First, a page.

• Discoloration, or mottling, of the skin

Please note that this is not an exhaustive list of all side-effects. If any unwanted effects arise after taking this medication, they need to be discussed with a medical professional.

Some of these side-effects may be temporary as the users body adjusts to the new medication, while others may be longer lasting. It is the responsibility of the patient and the prescribing physician to carefully consider all negative effects of the medication and weigh the benefit of the medication against the risks on a case-by-case basis. A physician may decide to treat the side-effects alternatively, lower or discontinue the dose.

The user of this medication should never change doses or stop medication without the oversight and approval from a physician as immediately stopping this medication may negatively impact the neurochemistry in the patient. Abruptly changing the dose may cause side effects or seizures to worsen.

You may report any side effects experienced to the FDA at 1-800-FDA-1088 or through the MedWatch Adverse Event Reporting Program online at http://www.fda.gov/Safety/MedWatch.

Dosage

The dosage of this medication will differ from patient to patient depending on each patient's needs. All dosage requirements set by the prescribing physician should be followed as printed on the label. It is important not to start, stop or change dosage without a doctor's supervision and consent.

The following information includes the average doses of this medication. The number of times the medication is taken and doses may vary.

Adults and Children 6 years or Older: Typically begin taking 600mg capsules once a day, or 10mL of syrup. It is common for the dose to change to 20mg maintenance dose that is taken in several divided doses throughout the day once the initial 4-7 days of 250 mg capsules have controlled the absence seizures.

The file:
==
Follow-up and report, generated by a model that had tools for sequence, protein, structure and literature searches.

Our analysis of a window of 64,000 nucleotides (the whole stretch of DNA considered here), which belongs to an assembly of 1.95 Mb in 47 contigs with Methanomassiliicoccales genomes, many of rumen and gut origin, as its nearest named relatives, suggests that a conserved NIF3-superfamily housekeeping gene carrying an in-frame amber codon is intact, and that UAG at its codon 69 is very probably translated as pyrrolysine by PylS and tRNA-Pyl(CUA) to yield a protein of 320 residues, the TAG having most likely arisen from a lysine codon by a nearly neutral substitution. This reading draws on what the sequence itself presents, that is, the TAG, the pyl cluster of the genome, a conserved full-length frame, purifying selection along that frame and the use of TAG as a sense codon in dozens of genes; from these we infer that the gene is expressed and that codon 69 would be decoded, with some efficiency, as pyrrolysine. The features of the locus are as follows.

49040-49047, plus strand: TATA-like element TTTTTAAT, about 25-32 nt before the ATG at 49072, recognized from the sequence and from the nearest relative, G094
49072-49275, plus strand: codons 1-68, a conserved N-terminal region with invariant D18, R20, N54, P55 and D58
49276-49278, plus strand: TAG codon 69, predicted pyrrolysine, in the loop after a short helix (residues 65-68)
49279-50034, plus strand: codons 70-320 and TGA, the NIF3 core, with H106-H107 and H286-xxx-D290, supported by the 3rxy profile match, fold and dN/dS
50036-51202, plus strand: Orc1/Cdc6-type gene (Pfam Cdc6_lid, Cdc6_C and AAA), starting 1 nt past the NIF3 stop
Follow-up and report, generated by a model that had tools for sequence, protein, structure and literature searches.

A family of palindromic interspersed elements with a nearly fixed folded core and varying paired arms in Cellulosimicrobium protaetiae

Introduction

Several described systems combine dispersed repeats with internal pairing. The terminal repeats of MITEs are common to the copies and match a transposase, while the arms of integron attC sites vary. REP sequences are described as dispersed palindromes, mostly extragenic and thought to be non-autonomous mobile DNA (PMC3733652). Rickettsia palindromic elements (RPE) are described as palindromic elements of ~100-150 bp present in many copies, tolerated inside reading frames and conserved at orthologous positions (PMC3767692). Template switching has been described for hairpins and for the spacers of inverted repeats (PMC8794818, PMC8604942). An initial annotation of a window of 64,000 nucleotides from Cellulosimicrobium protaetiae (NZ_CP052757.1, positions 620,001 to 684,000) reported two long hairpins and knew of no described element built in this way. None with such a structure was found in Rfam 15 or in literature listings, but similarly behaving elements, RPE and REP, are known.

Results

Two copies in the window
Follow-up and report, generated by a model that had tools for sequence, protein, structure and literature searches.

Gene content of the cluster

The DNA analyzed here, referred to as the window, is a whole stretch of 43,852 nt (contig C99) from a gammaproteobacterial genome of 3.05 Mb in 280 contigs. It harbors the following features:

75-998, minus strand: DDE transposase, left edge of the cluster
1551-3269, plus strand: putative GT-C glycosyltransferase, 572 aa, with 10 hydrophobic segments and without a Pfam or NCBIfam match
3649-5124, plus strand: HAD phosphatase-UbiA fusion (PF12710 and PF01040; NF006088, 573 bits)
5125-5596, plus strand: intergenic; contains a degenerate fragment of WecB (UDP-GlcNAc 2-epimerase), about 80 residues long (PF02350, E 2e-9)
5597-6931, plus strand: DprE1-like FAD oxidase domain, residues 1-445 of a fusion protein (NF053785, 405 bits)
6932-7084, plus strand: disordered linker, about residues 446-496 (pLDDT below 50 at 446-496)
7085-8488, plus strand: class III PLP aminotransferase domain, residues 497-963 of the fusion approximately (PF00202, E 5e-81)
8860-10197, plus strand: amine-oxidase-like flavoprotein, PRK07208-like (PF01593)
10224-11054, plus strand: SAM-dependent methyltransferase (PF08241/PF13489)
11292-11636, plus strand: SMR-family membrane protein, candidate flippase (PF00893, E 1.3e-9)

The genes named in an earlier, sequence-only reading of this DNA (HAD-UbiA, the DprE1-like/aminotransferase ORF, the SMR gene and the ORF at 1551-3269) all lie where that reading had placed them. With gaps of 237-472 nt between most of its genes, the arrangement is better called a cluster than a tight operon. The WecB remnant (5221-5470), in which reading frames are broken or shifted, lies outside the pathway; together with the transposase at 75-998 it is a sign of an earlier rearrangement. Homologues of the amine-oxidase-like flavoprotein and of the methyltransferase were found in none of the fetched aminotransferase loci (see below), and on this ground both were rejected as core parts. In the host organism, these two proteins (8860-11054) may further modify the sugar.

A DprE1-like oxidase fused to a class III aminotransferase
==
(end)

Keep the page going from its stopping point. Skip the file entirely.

Children 3 to 6 years old: Doses are based on body weight and will be determined by a doctor. Typically doses are 250 mg in capsuls, or 5 ml in syrup form, once a day. Again, it is common for the dose to change to 20mg maintenance dose that is taken in several divided doses throughout the day once the initial 4-7 days of 250 mg capsules have controlled the absence seizures.

Children younger than 3 Years Old: Are dosed on a case-by-case basis with close supervision.

It is common for physicians to increase this medication in small doses of 250 mg every four to seven days until the therapy proves successful in controlling the absence seizures with few or no side effects. Doses exceeding 1.5 g may be prescribed with close supervision by a medical professional.

If a dose is missed, a user may take the medication as soon as possible. If it is nearly time for the next daily dose the next dose may be skipped an the regular dosage and time resumed as quickly as possible. It is important to never double doses. If you have any questions about how to continue your dosage you may contact your physician for guidance, or contact a pharmacist.

Interactions

This medication may have interactions with herbal supplements, dietary aides, topicals, over-the-counter medications, as well as other prescribed medication. It is imperative that any user discuss all other therapies being used with their prescribing doctor to ensure any avoidable interactions are prevented. While using this medication, do not start, stop or change the dose of any other treatments being used without consulting a physician or pharmacist.

  • Tell your physician if you are using anything of the following, as the effects may be stronger when used in conjunction with oral ethosuximide.
  • Alcohol
  • Muscle relaxers
  • Marijuana
  • Antihistamines (cetirizine, diphenhydramine)
  • Sleep aids
  • Cough-and-Cold Treatments
  • Following are some prescription medications that have reported major interactions with e
  • thosuximide.
  • Acetaminophen
  • Propoxyphene
  • Aspirin
  • Balacet
  • Belbuca